He looked at her proudly. She continued:
"Your family, your mother, your aunts, your uncle the General, have projects for you. That is natural. I might have become an obstacle. It is better that I should disappear from your life. We shall keep a fond remembrance of each other."
She extended her gloved hand. He folded his arms:
"Then, you do not want me? You have made me happy, as no other man ever was, and you think now to brush me aside? Truly, you seem to think you have finished with me. What have you come to say to me? That it was a liaison, which is easily broken? That people take each other, quit each other--well, no! You are not a person whom one can easily quit."
"Yes," said Therese, "you had perhaps given me more of your heart than one does ordinarily in such 180 cases. I was more than an amusement for you. But, if I am not the woman you thought I was, if I have deceived you, if I am frivolous--you know people have said so--well, if I have not been to you what I should have been--"
She hesitated, and continued in a brave tone, contrasting with what she said:
"If, while I was yours, I have been led astray; if I have been curious; if I say to you that I was not made for serious sentiment--"
He interrupted her:
"You are not telling the truth."
"No, I am not telling the truth. And I do not know how to lie. I wished to spoil our past. I was wrong. It was--you know what it was. But--"
"I have always told you I was not sure of myself. There are women, it is said, who are sure of themselves. I warned you that I was not like them."
He shook his head violently, like an irritated animal.
"What do you mean? I do not understand. I understand nothing. Speak clearly. There is something between us. I do not know what. I demand to know what it is. What is it?"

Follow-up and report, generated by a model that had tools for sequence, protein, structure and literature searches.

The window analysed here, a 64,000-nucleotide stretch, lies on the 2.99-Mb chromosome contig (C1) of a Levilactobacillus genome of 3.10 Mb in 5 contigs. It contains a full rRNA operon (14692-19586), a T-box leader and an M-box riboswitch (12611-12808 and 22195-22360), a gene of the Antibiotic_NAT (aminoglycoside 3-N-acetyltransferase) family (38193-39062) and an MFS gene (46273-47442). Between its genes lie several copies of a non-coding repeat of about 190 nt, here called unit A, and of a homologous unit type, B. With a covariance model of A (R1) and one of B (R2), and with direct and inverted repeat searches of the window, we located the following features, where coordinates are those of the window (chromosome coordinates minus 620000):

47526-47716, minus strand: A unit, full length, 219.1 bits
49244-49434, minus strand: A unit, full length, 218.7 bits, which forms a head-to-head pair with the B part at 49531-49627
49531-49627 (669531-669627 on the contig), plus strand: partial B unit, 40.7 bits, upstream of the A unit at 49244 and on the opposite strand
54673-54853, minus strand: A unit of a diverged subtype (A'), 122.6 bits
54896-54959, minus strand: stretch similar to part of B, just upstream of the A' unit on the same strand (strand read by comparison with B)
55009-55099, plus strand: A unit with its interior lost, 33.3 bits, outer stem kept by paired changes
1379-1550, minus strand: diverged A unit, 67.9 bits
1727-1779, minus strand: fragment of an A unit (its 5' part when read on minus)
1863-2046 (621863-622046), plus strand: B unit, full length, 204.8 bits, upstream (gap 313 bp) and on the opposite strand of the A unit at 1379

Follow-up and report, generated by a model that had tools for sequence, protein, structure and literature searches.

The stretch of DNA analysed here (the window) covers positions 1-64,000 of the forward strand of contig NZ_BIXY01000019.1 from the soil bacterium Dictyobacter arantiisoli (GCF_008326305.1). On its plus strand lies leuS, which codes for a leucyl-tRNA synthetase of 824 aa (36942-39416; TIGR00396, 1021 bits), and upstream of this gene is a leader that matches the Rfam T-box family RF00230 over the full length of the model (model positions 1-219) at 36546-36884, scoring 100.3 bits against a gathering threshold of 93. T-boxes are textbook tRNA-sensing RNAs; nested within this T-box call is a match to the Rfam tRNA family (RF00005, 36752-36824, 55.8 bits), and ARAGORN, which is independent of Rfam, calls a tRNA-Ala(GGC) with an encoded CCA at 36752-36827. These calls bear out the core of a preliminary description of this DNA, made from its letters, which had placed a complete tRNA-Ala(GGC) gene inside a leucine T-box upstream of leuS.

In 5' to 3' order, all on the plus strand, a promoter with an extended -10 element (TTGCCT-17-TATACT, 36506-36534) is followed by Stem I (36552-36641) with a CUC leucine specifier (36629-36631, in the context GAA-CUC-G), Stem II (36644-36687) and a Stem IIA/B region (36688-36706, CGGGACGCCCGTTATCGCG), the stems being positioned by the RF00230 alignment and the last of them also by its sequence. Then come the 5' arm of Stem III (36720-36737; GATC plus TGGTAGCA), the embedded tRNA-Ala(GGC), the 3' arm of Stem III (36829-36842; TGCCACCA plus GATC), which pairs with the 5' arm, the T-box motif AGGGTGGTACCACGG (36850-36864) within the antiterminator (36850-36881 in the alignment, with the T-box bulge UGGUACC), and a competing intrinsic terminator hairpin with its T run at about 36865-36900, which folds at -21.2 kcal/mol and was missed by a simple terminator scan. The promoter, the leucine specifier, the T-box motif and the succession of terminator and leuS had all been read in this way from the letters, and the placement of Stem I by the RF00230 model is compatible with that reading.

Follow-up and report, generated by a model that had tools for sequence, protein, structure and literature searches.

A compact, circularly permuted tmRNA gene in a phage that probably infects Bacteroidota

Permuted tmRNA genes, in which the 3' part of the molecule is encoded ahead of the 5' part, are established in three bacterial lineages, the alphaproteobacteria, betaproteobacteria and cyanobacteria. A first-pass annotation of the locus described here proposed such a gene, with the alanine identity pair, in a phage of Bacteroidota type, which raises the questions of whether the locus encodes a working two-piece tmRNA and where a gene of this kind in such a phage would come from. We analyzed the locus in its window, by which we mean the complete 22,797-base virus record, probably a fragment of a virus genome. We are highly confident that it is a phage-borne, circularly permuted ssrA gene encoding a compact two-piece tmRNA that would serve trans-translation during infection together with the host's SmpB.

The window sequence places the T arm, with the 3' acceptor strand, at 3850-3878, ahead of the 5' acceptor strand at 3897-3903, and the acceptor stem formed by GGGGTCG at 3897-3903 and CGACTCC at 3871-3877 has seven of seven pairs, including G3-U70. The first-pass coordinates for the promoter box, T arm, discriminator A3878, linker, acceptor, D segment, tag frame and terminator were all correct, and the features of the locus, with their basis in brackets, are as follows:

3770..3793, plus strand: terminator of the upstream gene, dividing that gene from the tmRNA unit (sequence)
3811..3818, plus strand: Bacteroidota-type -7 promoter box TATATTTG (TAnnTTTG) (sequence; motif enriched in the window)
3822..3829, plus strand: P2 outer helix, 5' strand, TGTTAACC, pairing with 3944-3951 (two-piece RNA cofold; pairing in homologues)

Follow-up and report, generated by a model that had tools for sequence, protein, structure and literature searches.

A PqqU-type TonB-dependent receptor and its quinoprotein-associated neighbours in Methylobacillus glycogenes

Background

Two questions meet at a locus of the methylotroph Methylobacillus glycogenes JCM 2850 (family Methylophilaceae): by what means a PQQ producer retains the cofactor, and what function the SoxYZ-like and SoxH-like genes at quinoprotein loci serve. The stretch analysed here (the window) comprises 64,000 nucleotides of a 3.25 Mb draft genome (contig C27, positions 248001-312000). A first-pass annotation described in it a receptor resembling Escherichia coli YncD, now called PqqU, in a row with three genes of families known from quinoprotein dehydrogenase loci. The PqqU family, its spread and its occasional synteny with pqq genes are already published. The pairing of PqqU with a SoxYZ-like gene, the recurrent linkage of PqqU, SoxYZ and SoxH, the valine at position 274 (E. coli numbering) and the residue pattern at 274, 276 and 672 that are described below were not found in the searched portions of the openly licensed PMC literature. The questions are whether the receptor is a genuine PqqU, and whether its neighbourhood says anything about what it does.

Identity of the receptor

"There is the fact that I am not a woman sure of herself, and that you should not rely on me. No, you should not rely on me. I had promised nothing--and then, if I had promised, what are words?"
"You do not love me. Oh, you love me no more! I can see it. But it is so much the worse for you! I love you. You should not have given yourself to me. Do not think that you can take yourself back. I love you and I shall keep you. So you thought you could get out of it very quietly? Listen a moment. You have done everything to make me love you, to attach me to you, to make it impossible for me to live without you.
"Six weeks ago you asked for nothing better. You were everything for me, I was everything for you. And now you desire suddenly that I should know you no longer; that you should be to me a stranger, a lady whom one meets in society. Ah, you have a fine audacity! Have I dreamed? All the past is a dream? I invented it all? Oh, there can be no doubt of it. You loved me. I feel it still. Well, I have not changed. I am what I was; you have nothing to complain of. I have not betrayed you for other women. It isn't credit that I claim. I could not have done it. When one has known you, one finds the prettiest women insipid. I never have had the idea of deceiving you. I have always acted well toward you. Why should you not love me? Answer! Speak! Say you love me still. Say it, since it is true. Come, Therese, you will feel at once that you love as you loved me formerly in the little nest where we were so happy. Come!"
He approached her ardently. She, her eyes full of fright, pushed him away with a kind of horror.
He understood, stopped, and said:
"You have a lover."
She bent her head, then lifted it, grave and dumb.
Then he made a gesture as if to strike her, and at once recoiled in shame. He lowered his eyes and was silent. His fingers to his lips, and biting his nails, he saw that his hand had been pricked by a pin on her waist, and bled. He threw himself in an armchair, drew his handkerchief to wipe off the blood, and remained indifferent and without thought.
She, with her back to the door, her face calm and pale, her look vague, arranged her hat with instinctive care. At the noise, formerly delicious, that the rustle of her skirts made, he started, looked at her, and asked furiously:
"Who is he? I will know."
She did not move. She replied with soft firmness:
"I have told you all I can. Do not ask more; it would be useless."
He looked at her with a cruel expression which she had never seen before.
"Oh, do not tell me his name. It will not be difficult for me to find it."
She said not a word, saddened for him, anxious for another, full of anguish and fear, and yet without regret, without bitterness, because her real soul was elsewhere.